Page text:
For months, the UNRWA, the UN agency for Palestinian refugees, which was short of funds to start with, has been unable to cover medicine-related expenses. The fear is that the system will break down completely after 13 Western countries have cut off funding (as a result of Israel accusing 12 of the agency’s Gazawi employees of taking part in the October 7 violence).

“The effect will be massive,” Ahmed continues. “Here, the UNRWA runs the schools and clinics, and it is also responsible for sourcing medicines and providing aid packages when possible. That’s what it did during COVID. Now it’s in danger of collapsing.”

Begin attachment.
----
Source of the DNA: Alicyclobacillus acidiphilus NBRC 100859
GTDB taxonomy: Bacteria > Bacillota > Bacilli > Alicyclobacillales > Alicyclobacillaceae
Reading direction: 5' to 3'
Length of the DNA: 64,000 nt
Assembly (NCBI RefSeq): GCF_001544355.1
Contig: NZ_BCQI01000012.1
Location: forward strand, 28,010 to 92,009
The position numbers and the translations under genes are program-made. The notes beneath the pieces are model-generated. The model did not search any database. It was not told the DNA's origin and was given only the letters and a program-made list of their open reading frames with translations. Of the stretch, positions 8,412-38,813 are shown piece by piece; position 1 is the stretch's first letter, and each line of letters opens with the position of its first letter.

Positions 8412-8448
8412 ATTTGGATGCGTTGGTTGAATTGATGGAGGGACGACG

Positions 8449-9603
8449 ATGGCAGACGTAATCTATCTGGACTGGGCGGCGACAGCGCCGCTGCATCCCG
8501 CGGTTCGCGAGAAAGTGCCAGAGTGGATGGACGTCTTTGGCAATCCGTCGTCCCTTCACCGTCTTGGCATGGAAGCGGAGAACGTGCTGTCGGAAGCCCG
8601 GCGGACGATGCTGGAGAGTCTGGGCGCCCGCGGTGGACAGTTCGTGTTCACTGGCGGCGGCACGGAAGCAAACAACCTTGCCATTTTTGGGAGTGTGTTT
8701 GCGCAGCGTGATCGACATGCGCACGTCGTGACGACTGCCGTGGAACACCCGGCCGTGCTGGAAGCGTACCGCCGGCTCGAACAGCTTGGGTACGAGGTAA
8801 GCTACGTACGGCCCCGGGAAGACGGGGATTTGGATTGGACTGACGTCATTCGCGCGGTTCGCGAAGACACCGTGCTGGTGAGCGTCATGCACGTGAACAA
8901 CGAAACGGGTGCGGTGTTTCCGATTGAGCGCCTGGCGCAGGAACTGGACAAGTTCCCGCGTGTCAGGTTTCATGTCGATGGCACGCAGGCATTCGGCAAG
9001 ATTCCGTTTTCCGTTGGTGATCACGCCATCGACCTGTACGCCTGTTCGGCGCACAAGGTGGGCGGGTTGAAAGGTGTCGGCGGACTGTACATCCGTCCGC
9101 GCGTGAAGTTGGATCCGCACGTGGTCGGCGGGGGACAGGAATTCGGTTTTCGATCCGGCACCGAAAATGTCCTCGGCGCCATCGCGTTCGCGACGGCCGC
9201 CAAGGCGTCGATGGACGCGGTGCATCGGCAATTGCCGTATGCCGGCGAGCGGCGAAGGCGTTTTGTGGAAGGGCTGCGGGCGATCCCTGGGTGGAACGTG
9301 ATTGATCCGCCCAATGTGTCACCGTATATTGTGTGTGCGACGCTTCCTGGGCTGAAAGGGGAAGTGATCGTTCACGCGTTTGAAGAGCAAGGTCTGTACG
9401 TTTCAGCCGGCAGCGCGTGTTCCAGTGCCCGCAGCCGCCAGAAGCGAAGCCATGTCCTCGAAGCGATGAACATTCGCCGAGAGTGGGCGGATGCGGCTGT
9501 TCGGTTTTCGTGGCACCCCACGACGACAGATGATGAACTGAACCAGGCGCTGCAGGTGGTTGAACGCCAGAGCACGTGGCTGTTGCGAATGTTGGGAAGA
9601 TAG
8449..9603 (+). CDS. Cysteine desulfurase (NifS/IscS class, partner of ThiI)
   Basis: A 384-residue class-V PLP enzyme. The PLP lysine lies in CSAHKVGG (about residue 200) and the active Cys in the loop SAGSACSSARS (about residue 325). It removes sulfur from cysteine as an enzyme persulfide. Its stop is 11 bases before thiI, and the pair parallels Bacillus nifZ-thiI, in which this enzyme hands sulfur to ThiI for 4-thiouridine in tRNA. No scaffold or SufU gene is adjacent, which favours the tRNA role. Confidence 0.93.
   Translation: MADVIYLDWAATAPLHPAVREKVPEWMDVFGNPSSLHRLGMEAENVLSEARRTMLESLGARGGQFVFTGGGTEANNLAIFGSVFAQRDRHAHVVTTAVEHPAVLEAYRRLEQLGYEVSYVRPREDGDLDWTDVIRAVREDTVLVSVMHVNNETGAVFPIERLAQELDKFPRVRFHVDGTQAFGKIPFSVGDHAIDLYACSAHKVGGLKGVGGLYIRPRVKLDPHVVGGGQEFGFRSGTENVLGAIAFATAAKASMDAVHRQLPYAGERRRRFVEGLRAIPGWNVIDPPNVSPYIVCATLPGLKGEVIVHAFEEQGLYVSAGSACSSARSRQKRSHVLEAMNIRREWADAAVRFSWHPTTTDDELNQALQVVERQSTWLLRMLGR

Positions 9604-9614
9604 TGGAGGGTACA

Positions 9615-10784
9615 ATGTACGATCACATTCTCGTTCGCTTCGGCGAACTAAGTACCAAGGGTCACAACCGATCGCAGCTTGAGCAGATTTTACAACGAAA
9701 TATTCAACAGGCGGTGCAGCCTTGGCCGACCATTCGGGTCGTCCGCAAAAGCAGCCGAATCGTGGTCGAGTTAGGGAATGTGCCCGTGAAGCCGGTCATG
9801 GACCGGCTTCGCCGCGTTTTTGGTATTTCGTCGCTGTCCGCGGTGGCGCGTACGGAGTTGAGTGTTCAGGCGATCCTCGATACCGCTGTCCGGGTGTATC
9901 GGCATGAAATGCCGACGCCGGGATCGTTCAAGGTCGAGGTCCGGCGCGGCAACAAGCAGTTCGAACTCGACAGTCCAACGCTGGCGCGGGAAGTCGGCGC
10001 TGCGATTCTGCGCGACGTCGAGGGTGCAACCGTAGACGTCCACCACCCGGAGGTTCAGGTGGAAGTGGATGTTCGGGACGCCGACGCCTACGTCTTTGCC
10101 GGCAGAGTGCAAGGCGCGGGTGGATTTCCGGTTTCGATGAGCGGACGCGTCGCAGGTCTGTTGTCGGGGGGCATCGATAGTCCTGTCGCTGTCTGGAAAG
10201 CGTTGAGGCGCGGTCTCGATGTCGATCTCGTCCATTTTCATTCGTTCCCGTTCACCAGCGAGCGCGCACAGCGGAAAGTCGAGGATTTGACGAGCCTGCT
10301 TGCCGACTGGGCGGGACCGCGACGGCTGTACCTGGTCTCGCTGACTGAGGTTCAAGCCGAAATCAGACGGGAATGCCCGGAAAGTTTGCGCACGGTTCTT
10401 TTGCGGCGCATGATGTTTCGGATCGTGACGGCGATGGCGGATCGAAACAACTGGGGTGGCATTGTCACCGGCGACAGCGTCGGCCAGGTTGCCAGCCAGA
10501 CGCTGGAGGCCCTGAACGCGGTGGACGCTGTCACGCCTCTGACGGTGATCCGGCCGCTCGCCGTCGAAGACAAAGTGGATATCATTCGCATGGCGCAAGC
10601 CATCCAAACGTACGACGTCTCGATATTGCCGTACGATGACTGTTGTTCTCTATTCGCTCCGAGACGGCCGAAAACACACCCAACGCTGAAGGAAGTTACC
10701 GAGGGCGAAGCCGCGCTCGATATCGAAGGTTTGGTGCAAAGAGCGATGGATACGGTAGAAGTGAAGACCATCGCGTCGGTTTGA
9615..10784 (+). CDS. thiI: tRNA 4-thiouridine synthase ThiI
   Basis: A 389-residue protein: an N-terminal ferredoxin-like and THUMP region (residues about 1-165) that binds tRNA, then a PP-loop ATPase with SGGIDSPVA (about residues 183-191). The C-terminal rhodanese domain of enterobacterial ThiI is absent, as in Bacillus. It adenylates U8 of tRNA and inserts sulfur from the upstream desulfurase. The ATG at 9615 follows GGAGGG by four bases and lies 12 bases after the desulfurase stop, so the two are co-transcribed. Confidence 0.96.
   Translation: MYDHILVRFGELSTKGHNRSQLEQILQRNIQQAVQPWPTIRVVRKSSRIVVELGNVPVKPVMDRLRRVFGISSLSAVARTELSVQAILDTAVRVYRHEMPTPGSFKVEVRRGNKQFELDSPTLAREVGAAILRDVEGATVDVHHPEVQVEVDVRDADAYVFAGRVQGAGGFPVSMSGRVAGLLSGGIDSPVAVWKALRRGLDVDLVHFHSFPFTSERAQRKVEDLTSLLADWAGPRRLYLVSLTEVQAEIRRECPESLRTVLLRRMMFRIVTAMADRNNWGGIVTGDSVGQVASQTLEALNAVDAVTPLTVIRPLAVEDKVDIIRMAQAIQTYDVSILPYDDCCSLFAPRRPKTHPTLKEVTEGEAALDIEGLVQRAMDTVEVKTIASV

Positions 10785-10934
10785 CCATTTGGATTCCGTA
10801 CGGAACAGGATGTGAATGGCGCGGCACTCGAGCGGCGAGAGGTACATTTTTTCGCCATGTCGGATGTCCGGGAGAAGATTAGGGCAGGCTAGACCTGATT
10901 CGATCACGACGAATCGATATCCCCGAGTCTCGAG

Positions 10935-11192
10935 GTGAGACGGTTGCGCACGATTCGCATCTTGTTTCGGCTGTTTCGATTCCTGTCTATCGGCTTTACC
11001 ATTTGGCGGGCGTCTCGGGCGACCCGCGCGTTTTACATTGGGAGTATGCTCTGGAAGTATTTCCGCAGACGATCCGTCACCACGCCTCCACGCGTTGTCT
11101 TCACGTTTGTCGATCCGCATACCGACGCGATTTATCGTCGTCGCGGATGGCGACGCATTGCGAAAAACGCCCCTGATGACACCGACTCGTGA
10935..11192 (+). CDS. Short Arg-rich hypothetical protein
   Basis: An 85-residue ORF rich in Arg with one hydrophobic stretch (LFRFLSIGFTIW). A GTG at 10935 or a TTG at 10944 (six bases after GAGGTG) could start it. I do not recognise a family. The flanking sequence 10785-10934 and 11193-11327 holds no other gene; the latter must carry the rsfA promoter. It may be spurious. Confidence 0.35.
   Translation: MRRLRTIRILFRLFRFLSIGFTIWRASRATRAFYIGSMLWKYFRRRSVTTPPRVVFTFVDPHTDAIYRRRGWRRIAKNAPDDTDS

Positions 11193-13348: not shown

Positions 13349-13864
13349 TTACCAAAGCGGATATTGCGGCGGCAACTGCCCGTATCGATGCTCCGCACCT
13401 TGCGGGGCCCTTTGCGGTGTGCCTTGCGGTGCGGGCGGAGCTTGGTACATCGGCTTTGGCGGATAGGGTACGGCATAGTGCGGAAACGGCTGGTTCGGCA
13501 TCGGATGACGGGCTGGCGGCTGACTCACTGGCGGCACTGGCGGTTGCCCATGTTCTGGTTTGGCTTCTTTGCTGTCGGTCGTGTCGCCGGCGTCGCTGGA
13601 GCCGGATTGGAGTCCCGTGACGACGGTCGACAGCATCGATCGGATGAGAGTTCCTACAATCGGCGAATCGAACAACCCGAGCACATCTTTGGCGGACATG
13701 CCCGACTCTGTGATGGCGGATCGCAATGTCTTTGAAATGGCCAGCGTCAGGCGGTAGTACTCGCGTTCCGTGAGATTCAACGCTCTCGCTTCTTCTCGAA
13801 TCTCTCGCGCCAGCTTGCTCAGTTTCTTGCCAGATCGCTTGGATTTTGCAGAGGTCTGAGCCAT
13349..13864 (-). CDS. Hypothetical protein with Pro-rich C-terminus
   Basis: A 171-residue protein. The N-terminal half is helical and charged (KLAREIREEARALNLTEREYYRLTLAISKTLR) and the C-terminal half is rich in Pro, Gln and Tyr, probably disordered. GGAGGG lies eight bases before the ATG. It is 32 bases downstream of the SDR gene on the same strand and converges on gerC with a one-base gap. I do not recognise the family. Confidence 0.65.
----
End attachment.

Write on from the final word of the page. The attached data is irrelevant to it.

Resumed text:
A hundred or so employees with stable employment are also at risk, because for years the UNRWA has been unable to afford to hire permanently, opting for one-month contracts when funds come in. It also no longer contributes to the cost of surgeries and medical treatment that have to be done outside the camp clinics: it used to cover 75 percent, now it doesn’t anymore.

There is a list of names put up at the committee office, above the desk. After the packages were delivered to 75 families, over just a few days another 100 showed up here asking for help. “There are many more who need it,” says Sara, a volunteer. “We know because we know them. Many are too ashamed to come.”